Biotic Stress/Applied Plant Bio
CS-13-4 - Plant genes commonly affecting the interactions with pathogenic and symbiotic microbes
Monday, July 16
2:03 PM - 2:23 PM
Sebastian Schornack, PhD
Research Group Leader and Royal Society UR Fellow
University of Cambridge, Sainsbury Laboratory (SLCU)
The study of plant-biotic interactions has unravelled important immunity mechanisms which restrict microbial invasion. Conceptually, successful pathogens and symbiotic plant colonising microbes suppress immunity. They also exploit or benefit from additional host mechanisms for their entry and establishment. Remarkable examples for broad host microbes are Phytophthora palmivora oomycetes which can infect hundreds of host species and diverse organs and tissues. Arbuscular Mycorrhiza fungi such as Rhizophagus irregularis establish symbiotic interactions with the majority of all land plants and species of Rhizobacteria can form a nitrogen fixing nodule symbiosis in most legumes.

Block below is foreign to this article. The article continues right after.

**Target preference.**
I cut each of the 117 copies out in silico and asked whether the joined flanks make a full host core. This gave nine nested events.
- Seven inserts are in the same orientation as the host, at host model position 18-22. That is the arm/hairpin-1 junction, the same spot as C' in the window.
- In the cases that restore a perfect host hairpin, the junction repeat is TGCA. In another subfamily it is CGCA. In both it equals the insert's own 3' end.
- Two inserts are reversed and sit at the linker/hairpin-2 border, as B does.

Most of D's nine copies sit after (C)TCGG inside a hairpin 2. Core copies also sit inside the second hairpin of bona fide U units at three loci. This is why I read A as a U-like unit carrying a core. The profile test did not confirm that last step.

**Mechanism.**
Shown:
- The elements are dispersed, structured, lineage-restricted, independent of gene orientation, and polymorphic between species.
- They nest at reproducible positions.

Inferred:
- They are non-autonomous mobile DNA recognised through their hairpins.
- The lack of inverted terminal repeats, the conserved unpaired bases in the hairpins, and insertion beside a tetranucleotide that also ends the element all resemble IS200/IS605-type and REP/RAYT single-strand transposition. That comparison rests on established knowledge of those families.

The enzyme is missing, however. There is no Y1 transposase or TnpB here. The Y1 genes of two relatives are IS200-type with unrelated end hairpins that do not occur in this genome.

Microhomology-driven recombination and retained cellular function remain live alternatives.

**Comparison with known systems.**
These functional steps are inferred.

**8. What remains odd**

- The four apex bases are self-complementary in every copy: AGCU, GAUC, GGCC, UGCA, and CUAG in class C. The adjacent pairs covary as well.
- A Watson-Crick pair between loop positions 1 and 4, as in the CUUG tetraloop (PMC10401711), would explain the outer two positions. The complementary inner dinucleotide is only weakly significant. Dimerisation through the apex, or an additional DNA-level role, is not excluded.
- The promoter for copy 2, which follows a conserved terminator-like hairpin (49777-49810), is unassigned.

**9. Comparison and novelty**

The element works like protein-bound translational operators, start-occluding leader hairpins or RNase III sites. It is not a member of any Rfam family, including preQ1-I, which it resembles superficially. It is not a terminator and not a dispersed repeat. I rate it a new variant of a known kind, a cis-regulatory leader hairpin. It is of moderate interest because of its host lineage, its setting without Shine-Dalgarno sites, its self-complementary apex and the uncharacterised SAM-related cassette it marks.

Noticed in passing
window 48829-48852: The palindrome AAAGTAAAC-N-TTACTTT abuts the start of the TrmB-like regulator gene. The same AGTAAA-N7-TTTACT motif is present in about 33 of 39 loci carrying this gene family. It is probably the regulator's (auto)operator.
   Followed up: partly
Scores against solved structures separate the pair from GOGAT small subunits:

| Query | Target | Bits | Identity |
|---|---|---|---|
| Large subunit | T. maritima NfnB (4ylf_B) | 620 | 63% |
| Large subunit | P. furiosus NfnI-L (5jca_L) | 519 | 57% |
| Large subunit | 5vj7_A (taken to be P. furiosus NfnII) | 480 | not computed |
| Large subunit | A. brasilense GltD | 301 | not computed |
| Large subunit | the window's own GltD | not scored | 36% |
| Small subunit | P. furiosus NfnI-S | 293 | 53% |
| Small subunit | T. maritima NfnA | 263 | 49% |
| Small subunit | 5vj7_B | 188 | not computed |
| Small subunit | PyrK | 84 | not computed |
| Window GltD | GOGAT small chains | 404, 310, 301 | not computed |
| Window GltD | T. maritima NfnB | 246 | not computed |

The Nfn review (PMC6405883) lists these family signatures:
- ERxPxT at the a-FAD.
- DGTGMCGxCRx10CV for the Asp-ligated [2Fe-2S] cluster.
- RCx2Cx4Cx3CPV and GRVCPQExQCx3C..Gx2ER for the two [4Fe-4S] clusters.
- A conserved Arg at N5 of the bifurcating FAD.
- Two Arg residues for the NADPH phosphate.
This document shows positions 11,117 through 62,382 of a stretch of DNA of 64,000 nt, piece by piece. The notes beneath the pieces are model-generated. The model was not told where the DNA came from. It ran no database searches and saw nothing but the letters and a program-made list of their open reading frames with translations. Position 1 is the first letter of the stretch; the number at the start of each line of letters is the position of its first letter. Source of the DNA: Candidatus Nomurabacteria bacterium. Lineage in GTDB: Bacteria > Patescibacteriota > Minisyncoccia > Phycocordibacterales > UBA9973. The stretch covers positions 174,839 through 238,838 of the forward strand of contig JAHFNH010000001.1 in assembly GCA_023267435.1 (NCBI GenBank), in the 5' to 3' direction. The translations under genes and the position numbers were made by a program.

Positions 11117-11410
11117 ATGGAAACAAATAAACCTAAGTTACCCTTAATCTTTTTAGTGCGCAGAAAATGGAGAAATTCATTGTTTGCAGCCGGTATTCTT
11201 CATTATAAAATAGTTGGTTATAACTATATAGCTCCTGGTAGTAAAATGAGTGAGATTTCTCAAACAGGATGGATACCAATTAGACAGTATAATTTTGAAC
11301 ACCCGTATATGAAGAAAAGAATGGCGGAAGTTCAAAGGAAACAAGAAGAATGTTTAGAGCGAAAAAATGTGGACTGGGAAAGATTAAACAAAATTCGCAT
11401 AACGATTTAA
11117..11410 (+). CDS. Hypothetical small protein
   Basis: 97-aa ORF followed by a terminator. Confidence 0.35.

By utilising these microbes and their interactions with legumes, tobacco, barley and Arabidopsis we aim to discover, understand and modulate general plant mechanisms for microbial colonisation.
Time-resolved dual transcriptomics of P. palmivora and R. irregularis root colonisation has helped us to identify colonisation-relevant induced microbial effector proteins as well as early induced plant genes involved in microbial sensing and signalling. Furthermore, we identified and characterised a conserved eukaryotic protein which impacts on microbial entry by altering biochemical and physical properties of the plant cell wall. These findings add to our understanding of common and specific plant colonisation mechanisms and may provide alternative strategies for quantitative plant disease resistance.